Where buy cheesecloth

diy: cheese cloth curtain

We are deep into January. deep into snow. deep into the rhythm of shorter days and early sunsets. I think that I've learned to handle northeastern winters quite well, but what keeps me happy is light. Keeping my house flooded with natural light lifts all of our spirits and keeps the winter blues away. Enter my latest project: wispy curtains that let the light shine in! I had bought a package of cheesecloth a couple of months back for straining yogurt. It wound up in my fabric stash instead of the kitchen. The loose weave looked too promising to sacrifice for yogurt. I knew I'd come up with some way to celebrate it as a textile, rather than just the incredible list of duties that its package boasts: steaming, straining, spice bags, basting, poaching canning, and dusting. Yesterday, during a rare play-date for ME, my good friend Kathrin came for coffee. We had lots of show and tell of things we've been making and for some reason I felt compelled to bring out my cheesecloth." What can we make with this?" I asked. As we gently unfolded the gauzy two yards we oohed and aahhed over its ethereal qualities. "Poor man's lace" were words that came to mind. Kathrin thought it would make a lovely curtain. I happen to have two windows in our dining area that have sported a rod, but no curtain for years. I got up on a chair and draped over the 2 yards of sheer unbleached cotton.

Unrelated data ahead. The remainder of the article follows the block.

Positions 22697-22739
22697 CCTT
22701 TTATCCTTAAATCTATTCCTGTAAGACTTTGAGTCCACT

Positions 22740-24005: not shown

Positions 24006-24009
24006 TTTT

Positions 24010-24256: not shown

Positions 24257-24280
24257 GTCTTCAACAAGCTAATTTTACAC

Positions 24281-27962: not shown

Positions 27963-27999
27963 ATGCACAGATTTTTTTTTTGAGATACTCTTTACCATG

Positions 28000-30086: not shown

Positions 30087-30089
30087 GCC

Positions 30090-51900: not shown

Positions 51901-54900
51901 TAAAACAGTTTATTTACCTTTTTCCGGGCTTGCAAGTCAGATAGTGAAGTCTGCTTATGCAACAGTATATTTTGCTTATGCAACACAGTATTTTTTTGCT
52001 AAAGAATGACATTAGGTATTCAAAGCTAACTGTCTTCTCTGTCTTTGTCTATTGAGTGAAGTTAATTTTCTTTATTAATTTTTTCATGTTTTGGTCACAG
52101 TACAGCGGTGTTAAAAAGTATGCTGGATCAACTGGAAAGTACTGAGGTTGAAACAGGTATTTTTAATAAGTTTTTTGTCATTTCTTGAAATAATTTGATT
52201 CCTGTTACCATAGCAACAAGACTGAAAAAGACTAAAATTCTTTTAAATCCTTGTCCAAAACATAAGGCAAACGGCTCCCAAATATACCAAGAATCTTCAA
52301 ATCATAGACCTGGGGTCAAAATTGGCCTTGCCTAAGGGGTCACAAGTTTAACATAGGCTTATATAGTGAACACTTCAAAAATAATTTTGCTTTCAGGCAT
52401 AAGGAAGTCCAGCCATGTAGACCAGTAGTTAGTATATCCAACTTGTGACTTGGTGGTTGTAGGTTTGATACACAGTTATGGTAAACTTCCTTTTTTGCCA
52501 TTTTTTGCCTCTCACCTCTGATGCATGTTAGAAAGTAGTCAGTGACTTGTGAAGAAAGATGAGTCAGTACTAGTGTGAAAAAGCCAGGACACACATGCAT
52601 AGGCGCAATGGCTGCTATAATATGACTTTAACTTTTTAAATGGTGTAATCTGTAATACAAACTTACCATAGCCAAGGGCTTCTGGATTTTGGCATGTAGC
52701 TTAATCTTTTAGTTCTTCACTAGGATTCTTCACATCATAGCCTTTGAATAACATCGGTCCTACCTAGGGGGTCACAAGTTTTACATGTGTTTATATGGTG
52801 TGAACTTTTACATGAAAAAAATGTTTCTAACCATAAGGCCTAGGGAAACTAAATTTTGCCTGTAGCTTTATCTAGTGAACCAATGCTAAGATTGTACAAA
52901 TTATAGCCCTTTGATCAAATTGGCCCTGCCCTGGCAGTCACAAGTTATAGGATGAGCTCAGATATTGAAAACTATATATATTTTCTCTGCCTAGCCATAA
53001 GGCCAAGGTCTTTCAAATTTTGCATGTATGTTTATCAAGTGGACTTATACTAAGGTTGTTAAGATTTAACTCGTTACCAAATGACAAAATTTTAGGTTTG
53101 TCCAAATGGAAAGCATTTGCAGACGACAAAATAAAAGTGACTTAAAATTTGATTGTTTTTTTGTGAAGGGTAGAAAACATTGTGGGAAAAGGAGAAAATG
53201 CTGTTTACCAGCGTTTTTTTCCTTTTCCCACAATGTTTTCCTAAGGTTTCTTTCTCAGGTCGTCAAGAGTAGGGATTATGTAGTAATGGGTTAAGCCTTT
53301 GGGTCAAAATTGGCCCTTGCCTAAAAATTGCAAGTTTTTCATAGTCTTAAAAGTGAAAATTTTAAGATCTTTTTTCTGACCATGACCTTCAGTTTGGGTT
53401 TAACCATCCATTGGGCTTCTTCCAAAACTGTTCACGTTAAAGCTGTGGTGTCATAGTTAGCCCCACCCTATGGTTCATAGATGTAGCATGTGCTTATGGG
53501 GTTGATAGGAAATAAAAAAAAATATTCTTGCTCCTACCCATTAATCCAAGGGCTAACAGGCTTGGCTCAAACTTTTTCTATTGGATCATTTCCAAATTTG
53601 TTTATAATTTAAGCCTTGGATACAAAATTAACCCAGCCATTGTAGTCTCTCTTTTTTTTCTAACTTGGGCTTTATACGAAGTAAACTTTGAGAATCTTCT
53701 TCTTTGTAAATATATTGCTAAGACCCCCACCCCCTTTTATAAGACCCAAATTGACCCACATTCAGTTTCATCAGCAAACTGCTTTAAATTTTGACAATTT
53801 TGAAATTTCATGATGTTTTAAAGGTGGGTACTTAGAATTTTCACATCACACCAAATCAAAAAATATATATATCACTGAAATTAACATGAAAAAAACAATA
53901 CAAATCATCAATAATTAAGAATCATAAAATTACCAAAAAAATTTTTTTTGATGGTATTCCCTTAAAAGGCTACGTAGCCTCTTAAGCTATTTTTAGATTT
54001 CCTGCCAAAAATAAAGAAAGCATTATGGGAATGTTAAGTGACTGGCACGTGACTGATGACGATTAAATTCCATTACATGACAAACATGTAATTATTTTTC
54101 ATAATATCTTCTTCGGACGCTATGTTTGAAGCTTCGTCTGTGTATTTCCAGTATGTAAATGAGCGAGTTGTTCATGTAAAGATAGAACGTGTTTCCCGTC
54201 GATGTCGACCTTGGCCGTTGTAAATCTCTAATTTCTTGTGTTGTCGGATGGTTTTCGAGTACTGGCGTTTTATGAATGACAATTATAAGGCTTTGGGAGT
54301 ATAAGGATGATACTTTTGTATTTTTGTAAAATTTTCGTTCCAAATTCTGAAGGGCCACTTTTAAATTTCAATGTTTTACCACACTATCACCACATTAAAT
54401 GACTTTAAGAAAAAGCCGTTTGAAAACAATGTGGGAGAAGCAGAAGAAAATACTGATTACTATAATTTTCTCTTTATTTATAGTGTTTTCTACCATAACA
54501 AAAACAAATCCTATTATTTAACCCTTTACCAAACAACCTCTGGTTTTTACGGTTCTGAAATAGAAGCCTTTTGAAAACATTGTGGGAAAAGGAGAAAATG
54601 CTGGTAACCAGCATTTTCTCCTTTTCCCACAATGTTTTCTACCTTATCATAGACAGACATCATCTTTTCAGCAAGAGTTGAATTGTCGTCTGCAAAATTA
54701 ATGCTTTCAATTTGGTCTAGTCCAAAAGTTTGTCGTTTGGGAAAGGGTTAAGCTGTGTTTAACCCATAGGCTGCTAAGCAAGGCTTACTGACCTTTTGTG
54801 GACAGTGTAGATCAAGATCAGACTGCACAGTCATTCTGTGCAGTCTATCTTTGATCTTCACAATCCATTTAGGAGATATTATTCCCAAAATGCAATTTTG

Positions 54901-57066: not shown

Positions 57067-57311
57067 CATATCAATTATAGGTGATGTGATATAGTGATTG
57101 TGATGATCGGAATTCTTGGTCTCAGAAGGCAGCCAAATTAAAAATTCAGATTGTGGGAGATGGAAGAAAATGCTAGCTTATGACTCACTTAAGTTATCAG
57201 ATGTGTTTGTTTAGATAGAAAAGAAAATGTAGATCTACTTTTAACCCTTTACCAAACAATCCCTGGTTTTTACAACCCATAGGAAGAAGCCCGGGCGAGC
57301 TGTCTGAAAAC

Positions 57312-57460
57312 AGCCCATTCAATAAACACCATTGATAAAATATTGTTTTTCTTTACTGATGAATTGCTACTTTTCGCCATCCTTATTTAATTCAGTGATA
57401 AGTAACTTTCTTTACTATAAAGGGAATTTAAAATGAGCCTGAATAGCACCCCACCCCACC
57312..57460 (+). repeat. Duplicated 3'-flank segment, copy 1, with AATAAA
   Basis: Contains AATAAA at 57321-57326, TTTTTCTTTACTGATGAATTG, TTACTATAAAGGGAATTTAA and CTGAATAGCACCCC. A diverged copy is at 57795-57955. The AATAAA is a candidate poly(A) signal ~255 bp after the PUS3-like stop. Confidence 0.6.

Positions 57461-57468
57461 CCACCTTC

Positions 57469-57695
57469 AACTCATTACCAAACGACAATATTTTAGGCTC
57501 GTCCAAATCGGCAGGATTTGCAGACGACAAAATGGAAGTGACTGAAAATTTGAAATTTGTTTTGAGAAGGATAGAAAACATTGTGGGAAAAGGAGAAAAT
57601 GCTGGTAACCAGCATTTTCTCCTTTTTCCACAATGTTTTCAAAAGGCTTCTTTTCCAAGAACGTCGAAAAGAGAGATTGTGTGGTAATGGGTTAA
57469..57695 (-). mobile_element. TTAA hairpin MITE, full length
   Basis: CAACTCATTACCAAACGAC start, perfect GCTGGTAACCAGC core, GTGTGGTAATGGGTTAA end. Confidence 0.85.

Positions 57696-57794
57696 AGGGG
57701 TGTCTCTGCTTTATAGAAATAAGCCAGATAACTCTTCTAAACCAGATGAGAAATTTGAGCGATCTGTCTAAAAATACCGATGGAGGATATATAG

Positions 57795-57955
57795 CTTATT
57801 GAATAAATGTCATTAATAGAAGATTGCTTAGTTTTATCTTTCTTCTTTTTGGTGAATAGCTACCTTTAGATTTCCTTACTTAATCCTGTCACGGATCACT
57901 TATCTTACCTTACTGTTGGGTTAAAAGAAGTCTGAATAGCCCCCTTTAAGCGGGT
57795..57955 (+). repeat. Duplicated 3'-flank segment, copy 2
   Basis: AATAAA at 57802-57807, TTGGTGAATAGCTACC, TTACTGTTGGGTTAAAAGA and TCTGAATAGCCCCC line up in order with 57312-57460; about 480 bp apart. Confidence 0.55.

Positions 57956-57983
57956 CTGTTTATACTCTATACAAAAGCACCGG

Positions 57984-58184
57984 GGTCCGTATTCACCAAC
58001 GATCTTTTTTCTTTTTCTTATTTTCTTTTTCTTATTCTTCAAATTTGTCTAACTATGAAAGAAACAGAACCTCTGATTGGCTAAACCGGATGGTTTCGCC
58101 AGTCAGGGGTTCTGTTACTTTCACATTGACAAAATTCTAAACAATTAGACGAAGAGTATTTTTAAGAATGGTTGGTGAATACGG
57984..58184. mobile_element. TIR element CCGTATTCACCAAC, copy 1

Delicious! Didn't need anything more. And most importantly, look at that sunshine!

I kept it up all day, and I think we're all smitten with it. In fact, my husband's first words upon walking

in the door were about how much he loved the new curtain. I stopped off at our co-op for a couple more yards today (less than $3.00 locally). They are just right in our old farm kitchen. A wisp of poetry and romance floating over the windows and letting the light stream in, softening the intensity of all of the snowy view. Each curtain looks old and full of history and echos of the weathered and aged curtains framed in abandoned farmhouse windows in these rural parts. Here's a view in early morning.

If you live in a cold climate, but have drafty, old windows this is obviously a style for you to try in a warmer season. We are quite fortunate that the former owner of our 1850's home retained the original sills/frames when he replaced the window panes with updated energy efficient ones.

I thought about making these curtains a bit more decorative or finished with a little vintage lace or ribbons, but you know how much I like simplicity in strategic spots. I think these will stay as is. My studio, however, is far from simple.

  • Tack a piece of jute twine to the top of the window frame.
  • Drape cheese cloth and secure it with clothespins.
  • For a bit of whimsy, tie a bow of twine to cinch the center and embellish with a paper flower.

I bought my unbleached cloth locally, but if you can't get it at your health food store, find it here .

Obviously, you can really customize these with your own style of embellishing and draping. More on my favorite new paper flowers next week. I'll be back over the weekend with more of India.

Source: mayamade.blogspot.com

Category: Forex

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